Guests and hosts! He elaborates and explains, but I won’t share that here. Just think about this idea for a moment. I’ve never encountered it anywhere else. Wonderful.

I love so much of what he has to say about the importance of dialogue –

Dialogue suggests that the world is co-experienced by two of more people. Each one’s perspective is necessarily partial, and each needs to gain a more adequate sense of the world by sharing perspectives.

I wrote about that from a neuroscience perspective recently here.

The enlarging of perspective, or, in the other words, the attempt to see a more full picture demands dialogue. It prevents us from dismissing others through judgement and classification.

…no final, finalising discourse that defines anything once and forever. No last word can be said about this you, whose horizons of possibility remain open.

“whose horizons of possibility remain open”……how often do we forget that? How often do we squash hope with the illusion of certainty? How often do we practice as if we know exactly what a treatment will bring about for the person undergoing it? Having open horizons of possibility is a characteristic of healthy living.

We have other good reasons for dialogue apart from sharing our perspectives to gain a fuller picture. We use dialogue to value the other.

…the moral demand of dialogue is that each grant equal authority to the other’s voice……it’s being willing to allow their voice to count as much as yours

[doctors] are taught monological medicine: the doctor is the one cognitive subject in the consulting room, and the patient is an object for that cognition.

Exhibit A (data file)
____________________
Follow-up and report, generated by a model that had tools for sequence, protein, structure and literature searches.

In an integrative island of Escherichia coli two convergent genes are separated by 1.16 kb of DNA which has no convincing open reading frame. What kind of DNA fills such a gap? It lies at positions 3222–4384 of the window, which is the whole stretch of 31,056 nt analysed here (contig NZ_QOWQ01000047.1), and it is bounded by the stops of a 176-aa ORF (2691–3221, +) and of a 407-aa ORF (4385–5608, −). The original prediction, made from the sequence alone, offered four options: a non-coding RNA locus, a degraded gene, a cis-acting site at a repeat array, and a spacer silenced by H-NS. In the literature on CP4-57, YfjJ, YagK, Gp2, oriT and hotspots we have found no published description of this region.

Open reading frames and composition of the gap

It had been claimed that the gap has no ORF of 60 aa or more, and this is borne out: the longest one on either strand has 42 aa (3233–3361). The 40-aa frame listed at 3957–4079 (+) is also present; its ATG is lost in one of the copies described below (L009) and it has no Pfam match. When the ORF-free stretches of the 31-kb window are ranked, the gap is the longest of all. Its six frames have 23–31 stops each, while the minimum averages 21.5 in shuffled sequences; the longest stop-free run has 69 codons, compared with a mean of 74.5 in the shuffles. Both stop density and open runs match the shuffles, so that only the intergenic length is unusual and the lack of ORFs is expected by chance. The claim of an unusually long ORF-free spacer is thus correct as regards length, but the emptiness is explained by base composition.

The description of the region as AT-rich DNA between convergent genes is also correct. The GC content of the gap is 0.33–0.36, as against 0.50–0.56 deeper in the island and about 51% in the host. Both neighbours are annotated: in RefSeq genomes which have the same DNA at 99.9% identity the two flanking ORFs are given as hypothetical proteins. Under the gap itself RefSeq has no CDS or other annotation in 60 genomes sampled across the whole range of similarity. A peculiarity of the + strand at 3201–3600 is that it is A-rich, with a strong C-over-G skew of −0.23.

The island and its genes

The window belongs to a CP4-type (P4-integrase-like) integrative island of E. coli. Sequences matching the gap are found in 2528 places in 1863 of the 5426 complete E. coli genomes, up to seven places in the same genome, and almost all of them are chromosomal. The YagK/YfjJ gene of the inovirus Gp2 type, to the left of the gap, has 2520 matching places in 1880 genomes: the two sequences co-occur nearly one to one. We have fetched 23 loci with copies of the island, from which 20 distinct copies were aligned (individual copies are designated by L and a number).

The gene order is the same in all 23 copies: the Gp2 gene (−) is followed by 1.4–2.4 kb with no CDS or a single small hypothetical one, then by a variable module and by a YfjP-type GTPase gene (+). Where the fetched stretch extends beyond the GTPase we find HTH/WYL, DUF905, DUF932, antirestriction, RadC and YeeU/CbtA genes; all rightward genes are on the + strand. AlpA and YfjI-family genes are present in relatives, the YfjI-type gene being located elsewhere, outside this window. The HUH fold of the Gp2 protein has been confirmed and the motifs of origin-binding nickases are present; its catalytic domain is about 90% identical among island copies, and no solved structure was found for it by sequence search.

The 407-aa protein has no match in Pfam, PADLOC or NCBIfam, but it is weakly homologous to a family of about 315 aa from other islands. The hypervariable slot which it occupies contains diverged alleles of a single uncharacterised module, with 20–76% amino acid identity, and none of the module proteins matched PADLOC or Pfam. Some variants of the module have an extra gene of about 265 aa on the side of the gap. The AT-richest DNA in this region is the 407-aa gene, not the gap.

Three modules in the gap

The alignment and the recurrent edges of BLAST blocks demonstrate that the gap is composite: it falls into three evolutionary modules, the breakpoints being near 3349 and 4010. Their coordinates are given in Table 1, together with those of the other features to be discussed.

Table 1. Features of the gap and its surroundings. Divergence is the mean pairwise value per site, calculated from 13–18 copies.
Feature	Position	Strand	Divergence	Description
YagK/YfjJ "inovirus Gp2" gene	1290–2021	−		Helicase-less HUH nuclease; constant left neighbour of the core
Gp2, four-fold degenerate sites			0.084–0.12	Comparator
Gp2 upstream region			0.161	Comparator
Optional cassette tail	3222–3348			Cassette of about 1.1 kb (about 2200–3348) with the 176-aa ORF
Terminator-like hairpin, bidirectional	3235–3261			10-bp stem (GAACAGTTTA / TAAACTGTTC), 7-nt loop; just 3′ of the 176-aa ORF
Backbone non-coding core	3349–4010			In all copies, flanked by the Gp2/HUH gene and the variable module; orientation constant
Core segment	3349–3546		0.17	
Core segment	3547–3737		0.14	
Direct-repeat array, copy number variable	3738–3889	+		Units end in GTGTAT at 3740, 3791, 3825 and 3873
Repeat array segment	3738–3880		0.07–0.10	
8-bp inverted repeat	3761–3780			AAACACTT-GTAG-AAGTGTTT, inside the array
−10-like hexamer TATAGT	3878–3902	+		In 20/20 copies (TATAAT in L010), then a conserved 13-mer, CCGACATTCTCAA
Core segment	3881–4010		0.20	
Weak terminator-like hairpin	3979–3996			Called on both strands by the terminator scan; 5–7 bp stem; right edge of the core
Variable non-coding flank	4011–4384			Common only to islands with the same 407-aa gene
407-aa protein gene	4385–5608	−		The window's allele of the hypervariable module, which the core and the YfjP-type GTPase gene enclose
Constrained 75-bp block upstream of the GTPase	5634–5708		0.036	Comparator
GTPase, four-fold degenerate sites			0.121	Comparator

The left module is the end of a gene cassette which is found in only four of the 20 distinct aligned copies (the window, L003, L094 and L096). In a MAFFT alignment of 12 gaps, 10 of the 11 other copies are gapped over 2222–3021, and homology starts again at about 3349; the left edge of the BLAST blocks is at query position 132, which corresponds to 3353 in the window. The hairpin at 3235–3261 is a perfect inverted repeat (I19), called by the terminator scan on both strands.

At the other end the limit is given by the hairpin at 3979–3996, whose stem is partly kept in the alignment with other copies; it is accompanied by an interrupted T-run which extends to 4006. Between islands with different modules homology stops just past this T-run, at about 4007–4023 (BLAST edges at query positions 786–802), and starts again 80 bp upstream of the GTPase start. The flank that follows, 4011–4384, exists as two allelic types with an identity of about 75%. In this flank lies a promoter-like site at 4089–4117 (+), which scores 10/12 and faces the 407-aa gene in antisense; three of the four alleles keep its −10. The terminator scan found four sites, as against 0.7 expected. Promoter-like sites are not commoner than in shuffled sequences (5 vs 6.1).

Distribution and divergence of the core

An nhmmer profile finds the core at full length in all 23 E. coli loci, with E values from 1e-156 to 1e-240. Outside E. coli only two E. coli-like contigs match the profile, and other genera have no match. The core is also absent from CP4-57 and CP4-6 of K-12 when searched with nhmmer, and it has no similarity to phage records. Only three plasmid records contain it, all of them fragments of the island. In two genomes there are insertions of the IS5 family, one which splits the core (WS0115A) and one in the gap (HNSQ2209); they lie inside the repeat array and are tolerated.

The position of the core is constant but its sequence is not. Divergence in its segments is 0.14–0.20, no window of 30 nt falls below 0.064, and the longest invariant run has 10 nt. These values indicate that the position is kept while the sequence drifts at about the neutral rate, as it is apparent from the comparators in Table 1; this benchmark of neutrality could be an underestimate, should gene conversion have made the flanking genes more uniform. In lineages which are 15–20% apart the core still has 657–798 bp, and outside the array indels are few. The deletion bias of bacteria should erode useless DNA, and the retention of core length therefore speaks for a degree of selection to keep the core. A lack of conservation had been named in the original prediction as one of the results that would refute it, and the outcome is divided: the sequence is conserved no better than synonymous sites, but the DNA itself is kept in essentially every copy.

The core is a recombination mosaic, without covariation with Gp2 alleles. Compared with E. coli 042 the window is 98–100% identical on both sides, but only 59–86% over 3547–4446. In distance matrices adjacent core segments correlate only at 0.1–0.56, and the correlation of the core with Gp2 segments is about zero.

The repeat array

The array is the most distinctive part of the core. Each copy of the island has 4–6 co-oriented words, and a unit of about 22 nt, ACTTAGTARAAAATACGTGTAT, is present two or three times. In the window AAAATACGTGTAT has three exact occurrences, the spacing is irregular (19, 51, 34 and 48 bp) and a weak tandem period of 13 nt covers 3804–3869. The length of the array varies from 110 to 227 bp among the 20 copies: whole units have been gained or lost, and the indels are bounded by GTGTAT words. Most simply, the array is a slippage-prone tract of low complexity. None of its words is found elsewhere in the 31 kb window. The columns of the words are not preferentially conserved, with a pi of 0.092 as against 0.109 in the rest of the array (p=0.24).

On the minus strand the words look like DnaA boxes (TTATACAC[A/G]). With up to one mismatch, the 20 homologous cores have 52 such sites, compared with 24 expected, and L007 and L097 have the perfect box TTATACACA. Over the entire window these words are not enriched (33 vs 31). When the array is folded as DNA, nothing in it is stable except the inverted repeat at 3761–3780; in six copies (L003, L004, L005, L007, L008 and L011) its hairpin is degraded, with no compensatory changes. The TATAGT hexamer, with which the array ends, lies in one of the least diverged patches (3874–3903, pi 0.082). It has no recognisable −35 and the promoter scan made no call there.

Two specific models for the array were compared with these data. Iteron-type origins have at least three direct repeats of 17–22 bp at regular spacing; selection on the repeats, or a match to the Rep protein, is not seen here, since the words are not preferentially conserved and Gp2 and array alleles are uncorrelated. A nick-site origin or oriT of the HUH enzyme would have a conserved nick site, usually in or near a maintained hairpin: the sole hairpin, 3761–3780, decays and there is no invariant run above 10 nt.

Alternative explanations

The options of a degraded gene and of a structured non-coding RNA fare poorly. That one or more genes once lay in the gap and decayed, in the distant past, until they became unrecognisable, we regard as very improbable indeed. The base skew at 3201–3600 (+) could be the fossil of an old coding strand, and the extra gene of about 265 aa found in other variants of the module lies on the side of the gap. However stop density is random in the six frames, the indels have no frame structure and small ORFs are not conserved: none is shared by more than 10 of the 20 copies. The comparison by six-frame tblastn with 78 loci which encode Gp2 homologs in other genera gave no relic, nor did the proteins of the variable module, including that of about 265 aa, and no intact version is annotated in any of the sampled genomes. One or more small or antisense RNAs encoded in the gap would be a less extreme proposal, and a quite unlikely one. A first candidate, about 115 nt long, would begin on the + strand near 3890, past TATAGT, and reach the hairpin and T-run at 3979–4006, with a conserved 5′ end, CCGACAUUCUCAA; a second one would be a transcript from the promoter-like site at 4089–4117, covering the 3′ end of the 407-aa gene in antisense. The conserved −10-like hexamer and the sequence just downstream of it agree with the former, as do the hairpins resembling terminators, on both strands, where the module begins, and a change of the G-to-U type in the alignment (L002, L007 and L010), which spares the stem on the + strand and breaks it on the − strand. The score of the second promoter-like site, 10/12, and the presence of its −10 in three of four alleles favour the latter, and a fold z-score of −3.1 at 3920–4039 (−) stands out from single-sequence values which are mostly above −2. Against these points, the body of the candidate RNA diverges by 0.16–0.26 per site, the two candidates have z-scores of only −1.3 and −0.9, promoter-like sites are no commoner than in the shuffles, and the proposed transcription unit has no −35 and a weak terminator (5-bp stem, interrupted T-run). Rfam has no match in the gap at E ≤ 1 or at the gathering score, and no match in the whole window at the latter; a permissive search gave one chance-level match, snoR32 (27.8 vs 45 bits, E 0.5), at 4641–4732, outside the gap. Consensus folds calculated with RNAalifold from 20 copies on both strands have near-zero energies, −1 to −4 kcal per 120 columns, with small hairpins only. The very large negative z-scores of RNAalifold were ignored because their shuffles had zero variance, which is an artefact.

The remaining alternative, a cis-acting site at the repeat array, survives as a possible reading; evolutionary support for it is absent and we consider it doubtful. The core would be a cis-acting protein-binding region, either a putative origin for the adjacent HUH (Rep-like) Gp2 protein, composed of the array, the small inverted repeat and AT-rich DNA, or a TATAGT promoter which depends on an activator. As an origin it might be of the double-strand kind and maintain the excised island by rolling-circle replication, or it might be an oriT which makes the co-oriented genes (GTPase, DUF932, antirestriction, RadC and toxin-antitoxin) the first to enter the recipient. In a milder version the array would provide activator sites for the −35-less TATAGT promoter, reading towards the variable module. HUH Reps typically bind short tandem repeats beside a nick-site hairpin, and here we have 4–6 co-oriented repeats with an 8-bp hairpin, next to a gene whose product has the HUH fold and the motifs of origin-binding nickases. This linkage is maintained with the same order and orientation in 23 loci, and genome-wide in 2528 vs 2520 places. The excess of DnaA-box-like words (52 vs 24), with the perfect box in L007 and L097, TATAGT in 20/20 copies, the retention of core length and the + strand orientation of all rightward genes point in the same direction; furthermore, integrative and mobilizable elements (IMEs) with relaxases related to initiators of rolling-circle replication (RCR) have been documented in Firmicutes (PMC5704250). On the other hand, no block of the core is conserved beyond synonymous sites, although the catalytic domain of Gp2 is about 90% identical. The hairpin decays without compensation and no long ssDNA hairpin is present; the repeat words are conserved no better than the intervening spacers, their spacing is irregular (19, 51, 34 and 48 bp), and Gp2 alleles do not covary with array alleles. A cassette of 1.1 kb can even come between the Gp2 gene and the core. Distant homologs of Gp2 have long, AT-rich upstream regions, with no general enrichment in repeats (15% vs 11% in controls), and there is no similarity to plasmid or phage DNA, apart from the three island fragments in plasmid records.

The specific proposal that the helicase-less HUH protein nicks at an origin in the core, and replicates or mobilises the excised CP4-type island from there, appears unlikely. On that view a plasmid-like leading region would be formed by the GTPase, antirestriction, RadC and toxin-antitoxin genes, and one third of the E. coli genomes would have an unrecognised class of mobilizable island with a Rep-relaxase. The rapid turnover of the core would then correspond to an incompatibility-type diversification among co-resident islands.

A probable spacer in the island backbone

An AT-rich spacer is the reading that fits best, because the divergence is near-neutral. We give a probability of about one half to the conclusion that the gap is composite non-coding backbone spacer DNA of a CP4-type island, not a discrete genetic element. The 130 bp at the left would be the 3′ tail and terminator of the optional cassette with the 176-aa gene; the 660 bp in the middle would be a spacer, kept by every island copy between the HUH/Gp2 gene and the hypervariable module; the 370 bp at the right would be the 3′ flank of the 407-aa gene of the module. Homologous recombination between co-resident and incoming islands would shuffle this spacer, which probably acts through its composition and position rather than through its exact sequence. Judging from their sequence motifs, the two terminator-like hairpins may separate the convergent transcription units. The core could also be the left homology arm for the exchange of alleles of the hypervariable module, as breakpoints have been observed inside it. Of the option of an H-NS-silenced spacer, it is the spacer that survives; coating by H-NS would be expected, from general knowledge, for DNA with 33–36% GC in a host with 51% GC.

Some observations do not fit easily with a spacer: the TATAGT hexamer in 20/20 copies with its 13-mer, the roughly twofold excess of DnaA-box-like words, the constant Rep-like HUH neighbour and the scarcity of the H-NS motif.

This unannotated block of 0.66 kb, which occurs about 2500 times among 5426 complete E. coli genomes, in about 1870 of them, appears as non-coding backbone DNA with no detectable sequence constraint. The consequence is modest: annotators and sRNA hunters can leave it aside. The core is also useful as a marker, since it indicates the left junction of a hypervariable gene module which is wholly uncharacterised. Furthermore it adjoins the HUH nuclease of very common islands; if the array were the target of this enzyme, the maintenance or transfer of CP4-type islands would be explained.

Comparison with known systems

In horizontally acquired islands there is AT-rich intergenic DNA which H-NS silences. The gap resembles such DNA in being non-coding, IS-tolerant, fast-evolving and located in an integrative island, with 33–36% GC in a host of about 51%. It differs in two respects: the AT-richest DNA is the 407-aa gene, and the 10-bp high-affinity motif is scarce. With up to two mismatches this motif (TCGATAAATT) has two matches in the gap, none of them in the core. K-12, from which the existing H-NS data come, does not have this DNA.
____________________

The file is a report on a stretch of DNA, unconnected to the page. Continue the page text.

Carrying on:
Identification with others requires giving up monologue.

The other element which we have to consider when we focus on dialogue is the other part of the doctor-patient (or host-guest) relationship – the carer. I think our system of medicine dismisses this almost entirely. The focus on “randomised controlled trials” is a focus on the statistics of groups. Once a drug or treatment is “proven” it seems to be irrelevant who delivers it, or how. Yet that’s not our experience when we are ill. Who the doctors and nurses are is important to us. How they talk, how they listen, how they treat and care for us. The idea that its the treatment which is important and the not the person administering it seems inhuman to me.

We can keep the question before us: what do they think about how I am imagining them? and we can believe that what they think matters.

We should honour patients’ stories, not dismiss them as “subjective” or “anecdotes”. They matter.

Finally,

…the person who we see ourselves revealed to be is seen most fully in others’ responses to us

Isn’t that so true? What have you seen of yourself in others responses to you today?

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In “The Wounded Storyteller” (ISBN 0-226-25993-5) Arthur Frank describes his study of how patients talk about their illnesses, where he identified three major “genre” of narrative which we use to talk about illness – the “restitution story”, the “chaos story” and the “quest story”. I thought that was such an interesting insight and such a wonderful ideal to aim for.

Most patients tell the restitution type of story. It goes along the lines of “I’m broken, please fix me”. Our whole health care system seems created around this idea. Patients present their broken bits for fixing, the fixing is the outcome or target to be delivered cost-effectively, doctors are seen as the fixers and the process of health care is experienced as a passive one by the patient.